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Detection of catalytic intermediates at an electrode surface during carbon dioxide reduction by an earth-abundant catalyst

Nature Catalysisvolume 1pages952959 (2018) | Download Citation


The electrocatalytic reduction of CO2 offers a sustainable route to the many carbon fuels and feedstocks that society relies on. [fac-Mn(bpy)(CO)3Br] (bpy, 2,2-bipyridine) is one of the most promising and intensely studied CO2 reduction electrocatalysts. However, the catalytic mechanism remains experimentally unproven and many key intermediates of the prototypical catalyst have not been observed. Here we report the use of vibrational sum-frequency generation spectroscopy to study the catalytic intermediates during CO2 reduction in situ at the electrode surface. We explore the complex applied-potential and acid-dependent mechanistic pathways and provide evidence of the theoretically derived mechanisms. Demonstrating the ability to detect the key species that are only transiently present at the electrode surface is important as the need for an improved mechanistic understanding is a common theme throughout the field of molecular electrocatalysis.

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We are grateful to C. Smith (University of Liverpool) for the synthesis of 1. This work was carried out at the Ultra facility of the UK Central Laser Facility during experiments 15130005, 16130016 and 16230052. A.J.C. and G.N. acknowledge support from EPSRC (EP/K006851/1, EP/P034497/1 and EP/N010531/). G.T. acknowledges support from EPSRC (EP/I004483/1, EP/K013610/1, EP/P022189/1 and EP/P022189/1). This work made use of the ARCHER (via the UKCP Consortium, EPSRC UK EP/K013610/1 and EP/P022189/1) and UK Materials and Molecular Modelling Hub (EPSRC UK EP/P020194/1) High-Performance Computing facilities.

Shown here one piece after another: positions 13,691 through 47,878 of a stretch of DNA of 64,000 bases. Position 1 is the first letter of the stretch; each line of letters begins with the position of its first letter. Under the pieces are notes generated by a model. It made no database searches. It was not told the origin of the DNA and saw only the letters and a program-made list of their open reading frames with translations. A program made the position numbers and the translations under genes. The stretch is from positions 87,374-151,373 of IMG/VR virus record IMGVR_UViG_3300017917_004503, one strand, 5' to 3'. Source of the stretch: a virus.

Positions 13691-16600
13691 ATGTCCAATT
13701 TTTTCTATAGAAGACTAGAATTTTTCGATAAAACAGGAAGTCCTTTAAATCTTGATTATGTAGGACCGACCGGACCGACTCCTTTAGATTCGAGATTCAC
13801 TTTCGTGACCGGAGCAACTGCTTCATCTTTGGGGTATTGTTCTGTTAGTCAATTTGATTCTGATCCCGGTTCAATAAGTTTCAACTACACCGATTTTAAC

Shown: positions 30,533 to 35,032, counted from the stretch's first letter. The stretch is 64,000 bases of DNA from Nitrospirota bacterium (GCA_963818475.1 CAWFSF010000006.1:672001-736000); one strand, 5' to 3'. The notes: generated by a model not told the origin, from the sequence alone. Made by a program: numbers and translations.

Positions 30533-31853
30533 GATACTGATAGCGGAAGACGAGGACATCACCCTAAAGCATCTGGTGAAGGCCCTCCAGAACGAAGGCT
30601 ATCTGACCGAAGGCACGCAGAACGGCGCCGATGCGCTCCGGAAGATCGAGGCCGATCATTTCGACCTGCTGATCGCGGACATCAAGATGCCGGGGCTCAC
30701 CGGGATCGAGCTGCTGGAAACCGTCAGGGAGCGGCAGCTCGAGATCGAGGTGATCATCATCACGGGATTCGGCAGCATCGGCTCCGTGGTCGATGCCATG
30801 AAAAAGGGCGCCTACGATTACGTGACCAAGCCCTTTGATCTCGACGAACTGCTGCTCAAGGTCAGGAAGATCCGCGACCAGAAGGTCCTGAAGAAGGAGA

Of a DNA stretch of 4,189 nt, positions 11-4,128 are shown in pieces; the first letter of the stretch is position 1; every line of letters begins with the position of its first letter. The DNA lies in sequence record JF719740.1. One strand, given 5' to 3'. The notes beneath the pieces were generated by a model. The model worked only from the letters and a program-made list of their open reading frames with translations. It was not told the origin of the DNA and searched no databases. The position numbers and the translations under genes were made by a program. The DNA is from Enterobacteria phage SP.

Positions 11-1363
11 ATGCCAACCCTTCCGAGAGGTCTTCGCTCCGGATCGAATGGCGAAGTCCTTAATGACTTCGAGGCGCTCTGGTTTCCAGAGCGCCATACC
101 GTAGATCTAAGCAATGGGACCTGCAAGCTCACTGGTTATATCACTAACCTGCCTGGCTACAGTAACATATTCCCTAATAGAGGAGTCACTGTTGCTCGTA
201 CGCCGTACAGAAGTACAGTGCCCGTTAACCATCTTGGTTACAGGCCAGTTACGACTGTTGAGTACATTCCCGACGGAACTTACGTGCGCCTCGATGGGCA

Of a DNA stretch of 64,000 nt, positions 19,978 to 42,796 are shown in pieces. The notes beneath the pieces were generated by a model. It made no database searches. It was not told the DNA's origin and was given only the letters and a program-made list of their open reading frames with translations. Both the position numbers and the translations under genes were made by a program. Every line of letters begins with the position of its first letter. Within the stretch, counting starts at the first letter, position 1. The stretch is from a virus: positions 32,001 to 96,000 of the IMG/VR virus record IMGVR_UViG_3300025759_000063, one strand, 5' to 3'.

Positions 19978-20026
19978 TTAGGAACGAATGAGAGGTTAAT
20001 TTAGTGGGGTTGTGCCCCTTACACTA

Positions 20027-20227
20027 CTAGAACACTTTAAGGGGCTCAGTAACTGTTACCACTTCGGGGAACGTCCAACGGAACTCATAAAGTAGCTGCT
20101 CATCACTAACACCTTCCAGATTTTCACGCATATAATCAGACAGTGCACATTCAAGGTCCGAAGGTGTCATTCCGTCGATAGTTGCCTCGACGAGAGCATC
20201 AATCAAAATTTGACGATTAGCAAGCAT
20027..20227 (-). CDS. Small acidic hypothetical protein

Author information

Author notes

    • James. J. Walsh

    Present address: School of Chemical Sciences and National Centre for Sensor Research, Dublin City University, Dublin , Ireland

    • Gilberto Teobaldi

    Present address: Scientific Computing Departmet, STFC Daresbury Laboratory, Daresbury, UK


  1. Department of Chemistry and Stephenson Institute for Renewable Energy, University of Liverpool, Liverpool, UK

    • Gaia Neri
    • , James. J. Walsh
    • , Gilberto Teobaldi
    •  & Alexander J. Cowan
  2. Beijing Computational Science Research Center, Beijing, China

    • Gilberto Teobaldi
  3. Central Laser Facility, STFC Rutherford Appleton Laboratory, Didcot, Oxfordshire, UK

    • Paul M. Donaldson


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G.N., A.J.C., P.M.D. and J.J.W. carried out the experimental work. G.T. carried out the computational work. A.J.C. and G.T. wrote the manuscript. All the authors contributed to the editing of the manuscript.

Competing interests

The authors declare no competing interests

Corresponding authors

Correspondence to Paul M. Donaldson or Alexander J. Cowan.

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  1. Supplementary Information

    Supplementary Methods, Supplementary Figures 1–15, Supplementary Tables 1–22, Supplementary References

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